Gibson’s version is more culturally responsive and inclusive, inviting discussion into the limitations of Whitman’s perceptions of the body, who determines the worth of specific bodies, and how society uses language to establish a hierarchy of humanity. – Ronnie K. Stephens
Butler uses a seamless combination of 90s pop culture and imagery with slick rhymes and beautiful sonic and tonal qualities. These are poems that demand to be performed on a stage and to be read studiously at your desk. The musicality he brings elevates the feeling of nostalgia into a full soundtrack; you can see the protagonist walking to their perfect theme song. – Alex Dang
What sustains us? What nourishes our bones and our souls? How do we sustain each other? In the space between our most authentic selves and our most complicated desires, how do we connect with one another?
In each poem, readers can feel the undeniable aspect that, like nearly all mixtapes, this chapbook is for somebody (at the very least, the amalgamation of “you” that exists in all of our longings).
To tell our story, and to help tell other people, “Hey it’s okay if you’re fucked up for a long time after your dog dies.” Grief is such a wild journey, and it is different for all of us.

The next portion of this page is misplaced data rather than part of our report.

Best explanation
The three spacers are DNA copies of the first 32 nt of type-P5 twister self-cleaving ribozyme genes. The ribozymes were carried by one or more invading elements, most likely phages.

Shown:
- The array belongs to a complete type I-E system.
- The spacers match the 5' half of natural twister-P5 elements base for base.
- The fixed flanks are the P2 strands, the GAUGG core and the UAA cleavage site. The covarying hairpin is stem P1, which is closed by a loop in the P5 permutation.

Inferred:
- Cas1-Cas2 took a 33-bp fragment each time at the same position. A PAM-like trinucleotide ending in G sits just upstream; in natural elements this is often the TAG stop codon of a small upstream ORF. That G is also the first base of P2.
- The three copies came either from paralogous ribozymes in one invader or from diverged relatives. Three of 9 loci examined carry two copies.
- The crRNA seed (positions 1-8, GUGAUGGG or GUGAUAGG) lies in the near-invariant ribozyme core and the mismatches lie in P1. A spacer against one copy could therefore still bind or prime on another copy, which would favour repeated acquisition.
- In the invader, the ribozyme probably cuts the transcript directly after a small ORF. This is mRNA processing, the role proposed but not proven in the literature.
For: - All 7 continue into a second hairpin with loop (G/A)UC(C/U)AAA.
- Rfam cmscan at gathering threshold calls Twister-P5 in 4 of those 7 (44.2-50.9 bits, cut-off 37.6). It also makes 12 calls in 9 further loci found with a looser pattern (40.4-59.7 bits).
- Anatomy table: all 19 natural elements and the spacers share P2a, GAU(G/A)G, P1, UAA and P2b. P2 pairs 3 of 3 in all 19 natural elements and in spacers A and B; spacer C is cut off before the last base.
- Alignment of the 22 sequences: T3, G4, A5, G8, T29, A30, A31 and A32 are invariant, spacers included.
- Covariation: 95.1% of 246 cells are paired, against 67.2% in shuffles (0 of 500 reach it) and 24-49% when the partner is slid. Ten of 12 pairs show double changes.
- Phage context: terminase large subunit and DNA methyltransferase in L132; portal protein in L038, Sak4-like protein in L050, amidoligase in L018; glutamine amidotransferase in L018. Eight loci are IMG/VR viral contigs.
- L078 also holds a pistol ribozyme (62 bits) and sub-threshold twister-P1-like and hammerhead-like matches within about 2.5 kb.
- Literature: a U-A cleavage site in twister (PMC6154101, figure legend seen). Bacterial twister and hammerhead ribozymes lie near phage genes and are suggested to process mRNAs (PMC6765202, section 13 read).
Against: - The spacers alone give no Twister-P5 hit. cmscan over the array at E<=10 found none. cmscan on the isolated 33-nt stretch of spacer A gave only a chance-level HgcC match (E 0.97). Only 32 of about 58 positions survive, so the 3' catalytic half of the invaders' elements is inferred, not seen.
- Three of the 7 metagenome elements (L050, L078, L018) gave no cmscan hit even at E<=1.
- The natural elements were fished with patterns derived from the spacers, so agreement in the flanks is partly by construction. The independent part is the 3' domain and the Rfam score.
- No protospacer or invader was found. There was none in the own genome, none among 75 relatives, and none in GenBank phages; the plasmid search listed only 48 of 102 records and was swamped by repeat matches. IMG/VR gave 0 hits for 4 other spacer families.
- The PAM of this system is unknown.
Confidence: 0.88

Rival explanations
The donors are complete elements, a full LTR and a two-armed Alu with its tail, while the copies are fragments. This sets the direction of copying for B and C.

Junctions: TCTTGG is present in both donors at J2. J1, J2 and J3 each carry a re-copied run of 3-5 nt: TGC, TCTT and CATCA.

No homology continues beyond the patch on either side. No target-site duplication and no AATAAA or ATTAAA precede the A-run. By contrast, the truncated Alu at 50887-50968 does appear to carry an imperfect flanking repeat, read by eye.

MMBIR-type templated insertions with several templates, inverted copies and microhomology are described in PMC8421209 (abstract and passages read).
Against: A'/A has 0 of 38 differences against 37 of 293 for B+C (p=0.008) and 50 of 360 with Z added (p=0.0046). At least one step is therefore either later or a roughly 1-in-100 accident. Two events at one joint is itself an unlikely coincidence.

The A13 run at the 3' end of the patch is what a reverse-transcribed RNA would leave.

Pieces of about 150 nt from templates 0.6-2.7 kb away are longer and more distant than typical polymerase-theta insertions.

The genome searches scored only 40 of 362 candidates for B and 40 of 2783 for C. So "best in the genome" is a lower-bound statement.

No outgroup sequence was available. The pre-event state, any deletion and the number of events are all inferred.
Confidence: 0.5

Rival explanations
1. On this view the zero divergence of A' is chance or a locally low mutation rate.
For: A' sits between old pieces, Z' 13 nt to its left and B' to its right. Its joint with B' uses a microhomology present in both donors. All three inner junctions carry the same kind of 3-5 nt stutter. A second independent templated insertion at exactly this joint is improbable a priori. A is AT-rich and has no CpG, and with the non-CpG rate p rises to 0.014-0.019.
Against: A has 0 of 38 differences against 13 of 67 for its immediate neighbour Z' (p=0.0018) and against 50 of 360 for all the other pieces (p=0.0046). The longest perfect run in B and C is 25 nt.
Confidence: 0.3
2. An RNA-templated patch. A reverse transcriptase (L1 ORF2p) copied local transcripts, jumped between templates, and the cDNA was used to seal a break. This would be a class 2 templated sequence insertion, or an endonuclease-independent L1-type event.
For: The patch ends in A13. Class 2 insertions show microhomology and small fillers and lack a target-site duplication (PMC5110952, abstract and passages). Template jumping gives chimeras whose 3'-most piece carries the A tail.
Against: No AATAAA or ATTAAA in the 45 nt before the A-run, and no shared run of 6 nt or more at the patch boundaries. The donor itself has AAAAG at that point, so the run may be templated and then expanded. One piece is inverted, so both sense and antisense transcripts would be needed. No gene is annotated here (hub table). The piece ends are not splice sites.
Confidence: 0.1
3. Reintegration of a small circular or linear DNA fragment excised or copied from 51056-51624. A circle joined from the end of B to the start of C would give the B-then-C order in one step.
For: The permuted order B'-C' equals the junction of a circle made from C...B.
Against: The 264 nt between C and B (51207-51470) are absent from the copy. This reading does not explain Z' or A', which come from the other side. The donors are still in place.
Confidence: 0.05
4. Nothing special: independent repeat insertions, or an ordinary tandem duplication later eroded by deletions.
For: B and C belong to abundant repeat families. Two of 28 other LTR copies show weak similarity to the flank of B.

Didn’t know what depression felt like
Until I was nineteen
It took my crown and the jewels
And said it was fit to be king
REVIEW: COMB – SHADAB ZEEST HASHMI (SABLE BOOKS)
Migration challenges us to examine the “essence” of what makes us, us, and Hashmi duly documents the details.
REVIEW: GIRLS LIKE US – ELIZABETH HAZEN (ALAN SQUIRE PUBLISHING)
Hazen has an acute ability to make a reader feel many unwanted things. Like recollection. Like commiseration. Like retroactive fear.
REPLAYS: HEARTBREAK ANNIVERSARY – GIVEON
I love the emotion as his baritone voice accentuates the rawness and sincerity in its lyrics. The relatability of the song draws people in and you cannot help but sing along.
REVIEW: GHOST IN A BLACK GIRL’S THROAT – KHALISA RAE (RED HEN PRESS)
This is a rally cry for self-hood. For respect. For dreams once had that can be had again. This is written to give voice to the timid, a path to the promise of never again escaping the you who you always thought you could be.
REVIEW: BY BUS – ERICA VAN HORN (UGLY DUCKLING PRESSE)
You find yourself next to the man licking the eczema on his arm, or next to the singing bus driver. Some of the people you meet on the bus will be lovely; others will be objectionable.